Xinhua Headlines: A vibrant city on ancient Silk Road -- Kashgar in the eyes of foreign tourists
* The ancient city of Kashgar in Xinjiang has greeted over 7 million tourists so far this year.
* Famous for its diverse and colorful culture and architecture, tourism has continued to boom with travelers from all around the world going there.
* Since the Belt and Road Initiative was proposed, the ancient city has once again been propelled into the limelight as a gateway for opening up.
URUMQI, Nov. 1 (Xinhua) -- The ancient city of Kashgar, which has a permanent resident population of around 200,000 and is located in northwest China's Xinjiang Uygur Autonomous Region, has greeted over 7 million tourists so far this year.
Apart from domestic tourists, there are also motorcycle travelers from Europe, foreign journalists and a young Tanzanian woman, with the latter having decided to settle down there.
Neil Munro (L), a motorcycle traveler from Britain, buys local characteristic food jar meat at a restaurant in Kashgar, northwest China's Xinjiang Uygur Autonomous Region, Sept. 14, 2023. (Xinhua/Wang Fei)
Since the Belt and Road Initiative was proposed, the ancient city has once again been propelled into the limelight as a gateway for opening up.
BOOMING TOURISM, BETTER INFRASTRUCTURE
As the night closes in, streetlights flicker on, and Kashgar becomes even more alive with tourists joyously exploring a city with a history of more than 2,000 years.
Neil Munro, from Britain, walks into a restaurant with friends to savour the famous local barbecue and beer.
Munro's tour group of seven hails from seven different countries -- Britain, France, Germany, Italy, Switzerland, New Zealand and Finland. Their passion for motorcycling brought them together on a trip which started in Bishkek in Kyrgyzstan, from where they traveled to Kashgar via the Irkeshtam port.
After a two-day stay in Kashgar, the group will motorcycle through several other Chinese provinces including Gansu, Sichuan and Yunnan, before finally arriving in Laos.
This is Munro's third visit to Kashgar. When he first traveled there in 1999, he was wowed by the unique culture and he soon began learning Chinese.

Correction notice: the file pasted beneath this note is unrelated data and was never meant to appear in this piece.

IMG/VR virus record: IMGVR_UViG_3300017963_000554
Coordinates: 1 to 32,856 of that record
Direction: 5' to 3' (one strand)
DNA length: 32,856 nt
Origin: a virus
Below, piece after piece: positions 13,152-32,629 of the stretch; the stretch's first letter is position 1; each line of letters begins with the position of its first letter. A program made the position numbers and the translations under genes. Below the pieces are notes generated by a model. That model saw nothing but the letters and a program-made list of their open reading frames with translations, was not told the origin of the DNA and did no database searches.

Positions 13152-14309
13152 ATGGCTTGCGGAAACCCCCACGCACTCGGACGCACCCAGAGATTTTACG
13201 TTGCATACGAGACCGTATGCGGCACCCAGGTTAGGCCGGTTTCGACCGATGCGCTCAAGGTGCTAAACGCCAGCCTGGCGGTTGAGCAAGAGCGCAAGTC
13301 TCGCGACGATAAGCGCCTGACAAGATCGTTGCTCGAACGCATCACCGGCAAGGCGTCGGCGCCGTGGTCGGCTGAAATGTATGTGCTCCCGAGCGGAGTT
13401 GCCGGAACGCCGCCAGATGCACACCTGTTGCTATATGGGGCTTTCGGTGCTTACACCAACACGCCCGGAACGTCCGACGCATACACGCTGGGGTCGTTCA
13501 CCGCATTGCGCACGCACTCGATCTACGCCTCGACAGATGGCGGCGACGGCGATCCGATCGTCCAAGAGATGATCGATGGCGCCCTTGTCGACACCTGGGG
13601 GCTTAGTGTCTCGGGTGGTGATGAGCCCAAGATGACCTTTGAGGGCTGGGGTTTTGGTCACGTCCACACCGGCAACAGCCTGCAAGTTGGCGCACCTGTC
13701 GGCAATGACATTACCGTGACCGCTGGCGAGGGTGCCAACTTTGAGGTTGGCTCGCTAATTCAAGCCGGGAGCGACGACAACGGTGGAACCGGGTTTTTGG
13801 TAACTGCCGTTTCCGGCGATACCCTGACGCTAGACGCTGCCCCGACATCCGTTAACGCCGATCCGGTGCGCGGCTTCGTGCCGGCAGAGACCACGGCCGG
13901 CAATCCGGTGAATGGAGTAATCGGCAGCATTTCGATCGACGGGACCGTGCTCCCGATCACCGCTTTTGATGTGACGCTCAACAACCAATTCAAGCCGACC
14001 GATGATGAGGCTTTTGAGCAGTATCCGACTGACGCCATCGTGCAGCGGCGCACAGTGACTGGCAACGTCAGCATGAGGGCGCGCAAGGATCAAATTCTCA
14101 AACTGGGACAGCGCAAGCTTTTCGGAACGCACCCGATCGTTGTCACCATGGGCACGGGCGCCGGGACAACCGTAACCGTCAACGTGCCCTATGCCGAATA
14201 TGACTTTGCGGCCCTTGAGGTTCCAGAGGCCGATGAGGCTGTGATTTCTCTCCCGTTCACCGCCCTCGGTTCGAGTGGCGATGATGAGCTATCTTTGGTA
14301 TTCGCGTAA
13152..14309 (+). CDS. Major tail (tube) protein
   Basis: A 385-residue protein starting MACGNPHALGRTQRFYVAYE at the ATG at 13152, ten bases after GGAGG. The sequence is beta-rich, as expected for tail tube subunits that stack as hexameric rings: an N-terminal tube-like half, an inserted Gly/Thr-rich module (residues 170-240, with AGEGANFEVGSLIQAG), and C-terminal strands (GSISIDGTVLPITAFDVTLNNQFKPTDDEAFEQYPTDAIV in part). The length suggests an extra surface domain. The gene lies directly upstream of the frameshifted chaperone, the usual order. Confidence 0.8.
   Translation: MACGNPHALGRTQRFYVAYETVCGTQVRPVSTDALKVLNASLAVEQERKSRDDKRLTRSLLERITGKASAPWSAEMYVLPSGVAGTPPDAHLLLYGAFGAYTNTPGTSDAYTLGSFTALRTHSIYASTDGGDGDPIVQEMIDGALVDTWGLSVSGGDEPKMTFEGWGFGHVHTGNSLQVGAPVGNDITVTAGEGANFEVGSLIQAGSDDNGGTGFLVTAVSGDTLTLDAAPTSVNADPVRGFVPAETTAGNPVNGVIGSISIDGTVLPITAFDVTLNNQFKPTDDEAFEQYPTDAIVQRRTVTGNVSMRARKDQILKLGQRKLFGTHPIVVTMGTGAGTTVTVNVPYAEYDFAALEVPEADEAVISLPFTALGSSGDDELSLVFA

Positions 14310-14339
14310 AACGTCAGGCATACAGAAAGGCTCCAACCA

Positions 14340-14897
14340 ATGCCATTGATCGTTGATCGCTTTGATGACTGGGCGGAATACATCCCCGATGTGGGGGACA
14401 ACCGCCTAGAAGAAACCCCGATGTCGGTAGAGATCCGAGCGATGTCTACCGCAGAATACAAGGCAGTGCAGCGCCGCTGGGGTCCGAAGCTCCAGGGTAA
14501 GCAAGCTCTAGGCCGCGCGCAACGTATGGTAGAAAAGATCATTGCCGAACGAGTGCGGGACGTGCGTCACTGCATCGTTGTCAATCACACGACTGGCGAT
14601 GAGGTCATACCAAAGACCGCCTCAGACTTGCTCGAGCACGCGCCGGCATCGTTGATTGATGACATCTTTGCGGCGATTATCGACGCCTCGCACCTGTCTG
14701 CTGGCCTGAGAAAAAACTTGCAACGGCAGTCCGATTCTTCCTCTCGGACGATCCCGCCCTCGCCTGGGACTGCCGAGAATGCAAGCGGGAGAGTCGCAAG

"At that time, there were only some old buildings in the ancient city, the streets were narrow and dirty. Now, it is clean and beautiful, more comfortable and more attractive," Munro said.
The ancient city of Kashgar is one of the largest surviving earthen buildings in the world.
In 2010, a renovation project with an investment value exceeding 7 billion yuan (about 975 million U.S. dollars) was launched. Within seven years, the dilapidated houses were rebuilt but without changing their architectural characteristics and their traditional Uygur lifestyles.
Provided with such improved infrastructure, residents of the ancient city not only started to lead safer and more comfortable lives, but were also placed in a position more suitable for boosting modern tourism.
Motorcycle travelers from abroad take selfies before their trip in Kashgar, northwest China's Xinjiang Uygur Autonomous Region, Sept. 16, 2023. (Xinhua/Wang Fei)
"The people in the ancient city of Kashgar are very welcoming, while the food here is the best I've ever eaten east of Florence. I feel that Kashgar is full of energy," said Sirpa Jarvenpa, from Finland, who took part in the long motorcycle ride along with her husband.
"Kashgar creates a fun and romantic atmosphere, and we can find Central Asian cuisine, but also food from other parts of China, which you probably can't experience in Shanghai or Beijing," said Robert Zagorski, who comes from Poland and arrived in Kashgar with another motorcycle fleet.
Already famous for many years because of its diverse and colorful culture and architecture, tourism has continued to boom in the ancient city of Kashgar in recent times, with travelers from all around the world going there.
On Oct. 1 this year, the National Day in China, the single-day tourist arrival in the ancient city of Kashgar reached 120,000, while flights were almost fully booked during this year's eight-day National Day holiday period.